So my original plan was to buy some IC cans, however after coming across this post and seeing the use of a "beer cooler" to solve the problem as being a much easier and cheaper solution. If I make sure to have a min of 3" spacing on all sides is there any problem with this solution?

Note each bathroom has 6 6" cans, so I am guessing I am probably loosing a good bit of heat even if they were IC and the bathrooms had insulation.

sansom 01-25-2010 06:15 PM

Yep, easiest is to order some styrofoam 'minnow' buckets. The kind fisherman use to store their bait.

An 8qt bucket is the perfect size and shape. They're about $2.19 each.

Chris

amyremodel 02-10-2011 01:28 AM

I love the styrofoam bucket idea but don't know what to use to seal the bucket (caulk, expandable foam, etc)?

Any suggestion for sealing recessed can lights in cathedral ceiling? There is no room for a bucket over the can lights.

mem 02-10-2011 09:16 AM

I use foil tape used for HVAC ducts (not duct tape!). I tape every seam on every box with this. I also use it to tape up holes and seams on switch and receptacle boxes on the outside walls. When installing vapor barrier I cut the openings about a quarter inch undersized to get a stretch fit around the box protrusions. I think I paid around twelve bucks for a roll but it goes pretty far in this application.

mheslep 04-05-2011 09:25 PM

Quote:

Originally Posted by hagak (Post 221885)
So I went into my attic to see if the recessed cans in our bathrooms are IC rated. What do I find is that the previous home owner decided I guess not to get IC rated cans and just remove the baffle insulation from above the 2 bathrooms :furious:.

So my original plan was to buy some IC cans, however after coming across this post and seeing the use of a "beer cooler" to solve the problem as being a much easier and cheaper solution. If I make sure to have a min of 3" spacing on all sides is there any problem with this solution?

Note each bathroom has 6 6" cans, so I am guessing I am probably loosing a good bit of heat even if they were IC and the bathrooms had insulation.

This is a response to an old post - but some caution and rethinking is due for this solution. When adding an air tight / insulated enclosure to a _non_-IC light, the enclosure needs to be fire resistant. So drywall or duct board are fine, but a cheap styro cooler is not. A styro cooler over an _IC_ rated can is fine. The 3" spacing doesn't relieve you of the trouble, as the housing may well come loose over time and contact the can, melt and even drip into the can housing.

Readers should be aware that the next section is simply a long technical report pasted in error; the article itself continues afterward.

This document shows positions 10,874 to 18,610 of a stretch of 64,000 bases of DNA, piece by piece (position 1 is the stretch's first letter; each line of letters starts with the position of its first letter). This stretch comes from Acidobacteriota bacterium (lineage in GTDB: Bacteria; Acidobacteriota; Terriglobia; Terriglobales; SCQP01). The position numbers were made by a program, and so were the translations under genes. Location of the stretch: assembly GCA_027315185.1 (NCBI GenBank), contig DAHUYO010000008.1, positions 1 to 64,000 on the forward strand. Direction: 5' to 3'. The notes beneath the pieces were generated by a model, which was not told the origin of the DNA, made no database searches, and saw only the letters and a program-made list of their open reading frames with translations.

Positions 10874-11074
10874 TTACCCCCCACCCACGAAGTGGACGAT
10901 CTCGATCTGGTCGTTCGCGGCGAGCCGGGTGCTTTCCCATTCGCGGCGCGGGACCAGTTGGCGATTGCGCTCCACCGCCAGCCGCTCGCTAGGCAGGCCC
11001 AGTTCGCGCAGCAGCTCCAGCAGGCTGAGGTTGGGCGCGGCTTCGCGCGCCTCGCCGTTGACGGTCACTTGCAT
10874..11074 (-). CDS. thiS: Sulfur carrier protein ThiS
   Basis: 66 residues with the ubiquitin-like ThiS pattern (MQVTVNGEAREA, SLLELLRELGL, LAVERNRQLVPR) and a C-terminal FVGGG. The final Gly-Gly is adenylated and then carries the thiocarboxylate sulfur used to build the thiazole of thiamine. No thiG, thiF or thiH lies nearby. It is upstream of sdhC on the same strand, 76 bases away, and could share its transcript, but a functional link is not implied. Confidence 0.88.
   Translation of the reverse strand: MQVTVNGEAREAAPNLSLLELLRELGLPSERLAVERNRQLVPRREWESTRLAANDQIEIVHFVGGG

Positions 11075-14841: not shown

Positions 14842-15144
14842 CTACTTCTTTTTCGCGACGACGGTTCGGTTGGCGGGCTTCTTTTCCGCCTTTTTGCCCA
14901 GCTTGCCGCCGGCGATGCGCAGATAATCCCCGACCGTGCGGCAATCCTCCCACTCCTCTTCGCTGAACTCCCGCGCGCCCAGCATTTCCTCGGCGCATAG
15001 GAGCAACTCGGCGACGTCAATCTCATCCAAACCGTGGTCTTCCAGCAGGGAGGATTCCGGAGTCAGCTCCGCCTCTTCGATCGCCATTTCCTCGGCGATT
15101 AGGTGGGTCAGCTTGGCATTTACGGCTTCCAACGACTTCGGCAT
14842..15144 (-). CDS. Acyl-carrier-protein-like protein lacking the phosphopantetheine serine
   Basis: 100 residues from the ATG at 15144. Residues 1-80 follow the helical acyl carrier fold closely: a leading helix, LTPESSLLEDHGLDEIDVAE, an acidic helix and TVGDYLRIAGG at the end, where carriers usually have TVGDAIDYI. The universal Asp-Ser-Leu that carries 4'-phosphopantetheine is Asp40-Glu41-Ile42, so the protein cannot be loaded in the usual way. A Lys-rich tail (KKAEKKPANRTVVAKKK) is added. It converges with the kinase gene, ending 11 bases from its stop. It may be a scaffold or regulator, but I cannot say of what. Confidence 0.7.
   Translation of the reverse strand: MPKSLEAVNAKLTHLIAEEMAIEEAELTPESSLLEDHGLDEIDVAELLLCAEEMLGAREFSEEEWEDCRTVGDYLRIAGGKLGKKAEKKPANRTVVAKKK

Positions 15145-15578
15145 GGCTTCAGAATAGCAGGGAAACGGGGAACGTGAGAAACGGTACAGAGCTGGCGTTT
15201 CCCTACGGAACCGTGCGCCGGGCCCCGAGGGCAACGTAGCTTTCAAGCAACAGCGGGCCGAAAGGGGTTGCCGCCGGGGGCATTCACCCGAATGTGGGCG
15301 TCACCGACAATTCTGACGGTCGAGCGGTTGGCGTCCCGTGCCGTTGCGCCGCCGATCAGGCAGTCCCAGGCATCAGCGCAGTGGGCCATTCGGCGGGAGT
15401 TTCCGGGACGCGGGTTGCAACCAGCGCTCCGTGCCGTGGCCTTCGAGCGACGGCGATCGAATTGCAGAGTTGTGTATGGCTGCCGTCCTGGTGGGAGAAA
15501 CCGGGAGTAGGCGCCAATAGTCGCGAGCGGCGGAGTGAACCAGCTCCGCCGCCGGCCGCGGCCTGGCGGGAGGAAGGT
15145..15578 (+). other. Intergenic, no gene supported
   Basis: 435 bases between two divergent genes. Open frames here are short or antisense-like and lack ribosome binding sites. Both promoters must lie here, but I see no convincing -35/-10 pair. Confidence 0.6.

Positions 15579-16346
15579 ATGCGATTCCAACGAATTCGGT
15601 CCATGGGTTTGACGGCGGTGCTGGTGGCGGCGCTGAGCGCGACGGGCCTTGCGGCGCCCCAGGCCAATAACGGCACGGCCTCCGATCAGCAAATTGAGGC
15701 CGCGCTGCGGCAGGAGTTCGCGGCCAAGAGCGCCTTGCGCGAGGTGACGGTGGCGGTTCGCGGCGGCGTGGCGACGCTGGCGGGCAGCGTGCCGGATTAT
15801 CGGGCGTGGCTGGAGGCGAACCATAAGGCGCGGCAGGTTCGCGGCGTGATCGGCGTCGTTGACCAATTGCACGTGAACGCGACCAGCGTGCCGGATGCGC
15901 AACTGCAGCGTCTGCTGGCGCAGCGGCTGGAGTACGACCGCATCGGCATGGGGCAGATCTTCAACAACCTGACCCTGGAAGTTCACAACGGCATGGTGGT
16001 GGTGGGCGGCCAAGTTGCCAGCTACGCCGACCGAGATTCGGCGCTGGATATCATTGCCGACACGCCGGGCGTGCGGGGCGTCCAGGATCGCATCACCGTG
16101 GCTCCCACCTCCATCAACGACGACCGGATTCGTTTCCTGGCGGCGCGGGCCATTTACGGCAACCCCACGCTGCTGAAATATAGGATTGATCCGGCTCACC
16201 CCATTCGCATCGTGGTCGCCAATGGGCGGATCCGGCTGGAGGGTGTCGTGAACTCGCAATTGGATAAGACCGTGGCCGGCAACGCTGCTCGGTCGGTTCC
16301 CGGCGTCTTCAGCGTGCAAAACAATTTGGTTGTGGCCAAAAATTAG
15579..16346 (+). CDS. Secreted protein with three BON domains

chumley12 01-18-2012 05:55 PM

Quote:

Originally Posted by mheslep (Post 624229)
This is a response to an old post - but some caution and rethinking is due for this solution. When adding an air tight / insulated enclosure to a _non_-IC light, the enclosure needs to be fire resistant. So drywall or duct board are fine, but a cheap styro cooler is not. A styro cooler over an _IC_ rated can is fine. The 3" spacing doesn't relieve you of the trouble, as the housing may well come loose over time and contact the can, melt and even drip into the can housing.

Much to my dismay, I find that I have a bunch of non-ic recessed lights that are leaking like a sieve. I am wondering if I could build a box out of the 2 in sheet insulation, that has aluminum foil on one side and make the box so the foil is on the inside and seal the box with fire retardant foam (I have seen references to it, but don't really know what it is. Some suggestions are to leave the top off of the surround, others say to seal it and some say to even seal the holes in the sides of the non-ic cans or to even replace them with ic cans, but they are not the perfect solution. I am so confused I don't know what to do. A licensed electrician installed all of the cans a number of years ago. Bummer.

brooker 01-22-2012 10:59 AM

1990 juno recessed inccandescent fixtures
 
I have some 1990 juno ic 22 recessed lighting fixture....they are installed in ceiling with insulation...though they have various slots and holes in the cans...i assume that the slots and holes are for other applications...Can I tape them in an effort to reduce infiltration and exfilration????? Currently they have pink( Corning fiberglass) batt insulation around them...which actually does not surround the cans adequately (tightly)....I'm considering packing a loose fill fiberglass insulation ( Guardian e-z fill attic insulation) around them....there ic rated.....like the cooler type closure idea....what do you all think about taping the holes....brooker

SD515 01-22-2012 11:13 AM

Have you considered air-tight trims?